A lively debate is brewing in Montgomery County, Maryland, over a proposal that could cause customers who buy alcohol to ditch private businesses and patronize county-run stores instead.
The bill, expected to be introduced by Del. Eric Luedtke during the 2018 state legislative session, would allow the county’s liquor stores to sell cold beer and wine.
Currently, the 27 businesses operated by the county’s Department of Liquor Control can sell those products only at room-temperature.
“I do think this will be a very controversial issue,” said Roger Berliner, president of the county council.
County Executive Ike Leggett has voiced opposition to the plan, as has councilmember Nancy Floreen.
“There are a lot of small businesses that view this as a very important element of our system,” she said. “I think it would be unwise to change it.”
Others seemed open to the idea.
“It certainly makes sense to me,” said councilmember Craig Rice. “Making it easier for our customers is something that we’ve always highlighted.”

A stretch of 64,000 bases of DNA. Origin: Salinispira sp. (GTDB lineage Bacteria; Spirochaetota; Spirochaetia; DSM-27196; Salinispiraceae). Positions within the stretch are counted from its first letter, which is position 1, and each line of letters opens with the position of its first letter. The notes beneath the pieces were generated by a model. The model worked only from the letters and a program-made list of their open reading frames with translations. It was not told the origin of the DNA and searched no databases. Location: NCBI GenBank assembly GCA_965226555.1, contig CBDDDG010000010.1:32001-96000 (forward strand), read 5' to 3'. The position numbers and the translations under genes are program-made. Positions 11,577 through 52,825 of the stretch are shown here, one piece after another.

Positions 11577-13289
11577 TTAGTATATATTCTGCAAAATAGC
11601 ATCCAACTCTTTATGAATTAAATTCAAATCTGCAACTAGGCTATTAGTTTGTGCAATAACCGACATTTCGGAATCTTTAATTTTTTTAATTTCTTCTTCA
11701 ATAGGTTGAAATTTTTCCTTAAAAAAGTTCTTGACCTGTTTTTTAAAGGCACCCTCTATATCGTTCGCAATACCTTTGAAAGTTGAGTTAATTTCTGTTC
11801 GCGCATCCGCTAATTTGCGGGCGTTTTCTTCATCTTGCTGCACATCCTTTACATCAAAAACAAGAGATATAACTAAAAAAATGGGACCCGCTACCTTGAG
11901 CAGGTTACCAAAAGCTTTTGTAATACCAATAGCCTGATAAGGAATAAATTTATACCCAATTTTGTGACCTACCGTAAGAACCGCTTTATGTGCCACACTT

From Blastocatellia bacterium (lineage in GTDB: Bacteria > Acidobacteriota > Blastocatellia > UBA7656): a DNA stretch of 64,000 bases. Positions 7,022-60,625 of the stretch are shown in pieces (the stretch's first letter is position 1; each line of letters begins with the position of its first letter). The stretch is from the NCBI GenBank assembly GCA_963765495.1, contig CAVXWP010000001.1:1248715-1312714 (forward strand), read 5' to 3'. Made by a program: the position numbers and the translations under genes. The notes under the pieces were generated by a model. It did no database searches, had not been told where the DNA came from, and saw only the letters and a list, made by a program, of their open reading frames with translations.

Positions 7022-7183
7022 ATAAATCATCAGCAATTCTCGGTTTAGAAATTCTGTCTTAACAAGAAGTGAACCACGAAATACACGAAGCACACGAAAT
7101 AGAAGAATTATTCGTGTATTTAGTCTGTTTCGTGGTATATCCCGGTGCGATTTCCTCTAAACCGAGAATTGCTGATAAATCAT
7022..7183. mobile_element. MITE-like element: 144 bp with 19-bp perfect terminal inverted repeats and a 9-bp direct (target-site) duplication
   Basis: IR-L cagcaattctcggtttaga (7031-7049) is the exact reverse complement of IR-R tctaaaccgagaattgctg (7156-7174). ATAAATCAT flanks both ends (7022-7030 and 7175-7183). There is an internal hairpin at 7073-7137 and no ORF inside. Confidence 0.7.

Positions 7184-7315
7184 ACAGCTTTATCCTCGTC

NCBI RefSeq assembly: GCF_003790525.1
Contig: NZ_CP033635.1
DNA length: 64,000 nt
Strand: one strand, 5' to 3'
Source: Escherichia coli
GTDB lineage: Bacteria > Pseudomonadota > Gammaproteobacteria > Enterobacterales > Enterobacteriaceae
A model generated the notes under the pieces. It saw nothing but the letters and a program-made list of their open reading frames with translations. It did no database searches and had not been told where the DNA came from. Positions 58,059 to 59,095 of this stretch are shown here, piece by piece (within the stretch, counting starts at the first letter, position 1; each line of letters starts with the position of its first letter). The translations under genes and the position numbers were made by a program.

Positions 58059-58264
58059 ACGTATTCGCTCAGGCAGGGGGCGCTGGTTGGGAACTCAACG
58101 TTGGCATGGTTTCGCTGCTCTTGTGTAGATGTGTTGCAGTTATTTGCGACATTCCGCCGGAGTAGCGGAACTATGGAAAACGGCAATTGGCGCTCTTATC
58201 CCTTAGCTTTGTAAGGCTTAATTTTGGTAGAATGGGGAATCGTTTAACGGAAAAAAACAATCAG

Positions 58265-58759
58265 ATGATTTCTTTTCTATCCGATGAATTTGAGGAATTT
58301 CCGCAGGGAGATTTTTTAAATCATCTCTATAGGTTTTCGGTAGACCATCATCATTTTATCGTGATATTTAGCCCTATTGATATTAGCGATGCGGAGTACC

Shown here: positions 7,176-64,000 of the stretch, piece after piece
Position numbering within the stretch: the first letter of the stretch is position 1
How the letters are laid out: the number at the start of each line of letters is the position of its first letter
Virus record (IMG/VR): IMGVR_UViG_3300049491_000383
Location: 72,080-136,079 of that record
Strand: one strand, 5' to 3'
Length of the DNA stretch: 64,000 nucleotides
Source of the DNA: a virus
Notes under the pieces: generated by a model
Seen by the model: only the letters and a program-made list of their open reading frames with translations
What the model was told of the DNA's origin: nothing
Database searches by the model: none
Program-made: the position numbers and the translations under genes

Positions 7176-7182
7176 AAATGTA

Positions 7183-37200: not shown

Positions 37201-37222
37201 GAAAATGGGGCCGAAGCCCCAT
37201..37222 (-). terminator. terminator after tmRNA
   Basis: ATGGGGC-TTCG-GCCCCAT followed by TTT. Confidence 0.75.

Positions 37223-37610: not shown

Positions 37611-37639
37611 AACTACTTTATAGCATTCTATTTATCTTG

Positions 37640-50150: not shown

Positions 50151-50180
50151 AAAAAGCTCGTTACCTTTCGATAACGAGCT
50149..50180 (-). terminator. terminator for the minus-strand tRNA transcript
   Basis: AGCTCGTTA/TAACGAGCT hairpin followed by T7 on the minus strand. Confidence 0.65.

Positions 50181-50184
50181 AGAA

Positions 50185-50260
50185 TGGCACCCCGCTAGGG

With a bit of humor, councilmember Hans Riemer added that the current rule “compels you to show up at a party with warm beer.”
Historically, private businesses were given the advantage of being the only stores allowed to sell chilled beer and wine because they were prohibited from selling hard alcohol, such as vodka and whiskey.
However, due to a law that took effect in July, certain private businesses will soon be able to sell liquor by obtaining contracts with the county.
“The compromise of ‘private stores don’t get spirits so public stores won’t sell cold beer’ has already been undone,” Riemer said.
Similarly, another bill expected from Luedtke could also cause controversy.
Luedtke’s other measure would allow the county’s Department of Liquor Control to open its own businesses inside grocery stores.
Public hearings on the proposals, as well as other state legislation that could impact Montgomery County, are slated for next week in Rockville.
By: Nick Iannelli